Directors of Japanese companies are appointed by a general meeting of shareholders and are entrusted with management of the company. In a standard format company, directors also become members of the company’s board of directors, which makes decisions regarding the company’s operations.
The Board must also appoint one or more representative directors of the company, one of whom must be resident in Japan (though is not required to be a Japanese citizen).
This or these representative director(s) represent the company to third parties and conduct business activities on behalf of the company consistent with decisions of the board of directors (with day-to-day non-major business activities usually left to the representative director’s discretion).
Notwithstanding this freedom, the board of directors does have a duty to supervise the performance of the representative director. Non-executive directors too, have a duty to supervise, through the board of directors, the performance of duties by the company’s representative director(s). To enable this to occur, the representative director is legally obligated to report on the performance of duties to the Board at least quarterly (and to report on important matters of the company prior to applicable decisions being made).
The board of directors has both the authority (and the obligation) to terminate any representative director unfit for his/her position.
Duties of directors
Directors of a Japanese company have the following duties to the company:
(a) Duties of care and fiduciary duty, and of prudent management: These are based on a ‘business judgment rule’ test of whether or not the act is considered grossly unreasonable (i.e. whether or not there were careless mistakes in the recognition of facts and whether or not the choice of action based upon such recognised facts was unreasonable) in light of the knowledge and experience that a normal manager in the company’s industry should have under the circumstances surrounding the company at the time the action was taken.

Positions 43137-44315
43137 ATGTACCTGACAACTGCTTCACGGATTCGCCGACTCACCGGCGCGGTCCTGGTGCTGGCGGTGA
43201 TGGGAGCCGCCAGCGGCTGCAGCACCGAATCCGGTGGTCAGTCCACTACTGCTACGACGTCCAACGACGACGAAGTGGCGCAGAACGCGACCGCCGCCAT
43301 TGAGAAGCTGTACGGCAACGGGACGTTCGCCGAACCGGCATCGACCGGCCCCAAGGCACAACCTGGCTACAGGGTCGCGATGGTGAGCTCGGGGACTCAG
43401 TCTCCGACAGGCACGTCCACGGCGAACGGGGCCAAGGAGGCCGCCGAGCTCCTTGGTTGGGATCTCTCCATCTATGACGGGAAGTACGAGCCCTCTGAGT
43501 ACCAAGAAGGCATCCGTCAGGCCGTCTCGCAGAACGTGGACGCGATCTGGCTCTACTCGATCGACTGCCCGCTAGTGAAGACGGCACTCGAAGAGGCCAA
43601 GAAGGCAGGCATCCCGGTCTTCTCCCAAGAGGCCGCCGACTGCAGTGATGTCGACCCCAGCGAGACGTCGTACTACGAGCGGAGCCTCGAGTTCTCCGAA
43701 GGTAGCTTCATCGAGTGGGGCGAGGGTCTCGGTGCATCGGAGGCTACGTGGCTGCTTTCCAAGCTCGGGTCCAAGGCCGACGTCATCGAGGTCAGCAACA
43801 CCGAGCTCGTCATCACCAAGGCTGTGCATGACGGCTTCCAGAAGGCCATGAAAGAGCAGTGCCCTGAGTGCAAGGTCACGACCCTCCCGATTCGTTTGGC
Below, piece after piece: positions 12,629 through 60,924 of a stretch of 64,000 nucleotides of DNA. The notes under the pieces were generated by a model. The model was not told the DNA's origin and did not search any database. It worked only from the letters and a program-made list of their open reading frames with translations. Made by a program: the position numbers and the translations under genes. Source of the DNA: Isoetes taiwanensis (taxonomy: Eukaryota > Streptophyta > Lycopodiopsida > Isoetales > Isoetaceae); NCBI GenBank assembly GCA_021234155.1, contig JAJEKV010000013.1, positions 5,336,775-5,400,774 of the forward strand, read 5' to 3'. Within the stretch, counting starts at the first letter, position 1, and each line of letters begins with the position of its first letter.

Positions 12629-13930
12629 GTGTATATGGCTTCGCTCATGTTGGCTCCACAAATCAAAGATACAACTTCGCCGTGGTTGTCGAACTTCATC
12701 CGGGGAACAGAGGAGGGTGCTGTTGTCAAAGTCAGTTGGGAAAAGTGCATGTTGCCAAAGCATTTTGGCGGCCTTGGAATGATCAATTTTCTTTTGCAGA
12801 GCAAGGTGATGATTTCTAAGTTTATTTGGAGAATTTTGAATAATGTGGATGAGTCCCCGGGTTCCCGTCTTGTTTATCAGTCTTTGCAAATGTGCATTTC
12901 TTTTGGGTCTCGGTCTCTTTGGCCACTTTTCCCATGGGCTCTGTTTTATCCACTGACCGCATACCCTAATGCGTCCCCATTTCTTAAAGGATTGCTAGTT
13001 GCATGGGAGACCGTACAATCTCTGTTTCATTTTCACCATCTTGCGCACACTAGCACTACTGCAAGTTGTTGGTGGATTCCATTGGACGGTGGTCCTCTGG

Accordingly, in the performance of his/her duties, a director must pay attention to the company’s interests, must exercise sufficient care at the level generally required of a manager and must carry out his/her duties based on reasonable risk analysis. If a director has followed these guidelines no liability for damages on a personal liability basis should exist.
(b) Duty of supervision: Each director has the duty to not only supervise matters referred to the Board but also to supervise the representative director’s performance of his/her duties in general and, if necessary, convene or request convocation of a Board meeting and ensure through the Board that directors perform their duties appropriately. Depending on the size of the company, however, it is reasonable to assume that if the company is larger than a certain size it would be difficult for each director to supervise other directors in all their activities. In this case, if internal control systems have been put in place and operated in accordance with applicable rules, directors are allowed to trust that other directors have performed their duties in an appropriate manner.
(c) Duty to establish internal control systems: A director also has a duty to establish and maintain internal control systems. Accordingly, a board of directors is required to consider, decide and put in place specific systems that will effectively achieve the desired purposes, including prevention of unfair practices, risk management and appropriate performance of duties in accordance with the size, organisation and nature of the business activities of each company. Further, once such systems have been put in place, directors are required to check that the systems function effectively and ensure that they are actually operated in an appropriate manner.
Directors of a Japanese company are also subject to restrictions on competitive transactions and restrictions on transactions involving a conflict of interest.
In addition to Japan’s Corporations Law, a director must also comply with other laws relevant to his/her duties. In this respect each director is not required to have a full knowledge of all laws actually applicable to the company, but directors must, as a joint duty of the directors as a whole, establish internal control systems that enable the company to understand and comply with all laws applicable to the company (each director does have the duty to check and supervise these systems to ensure that they are functioning effectively).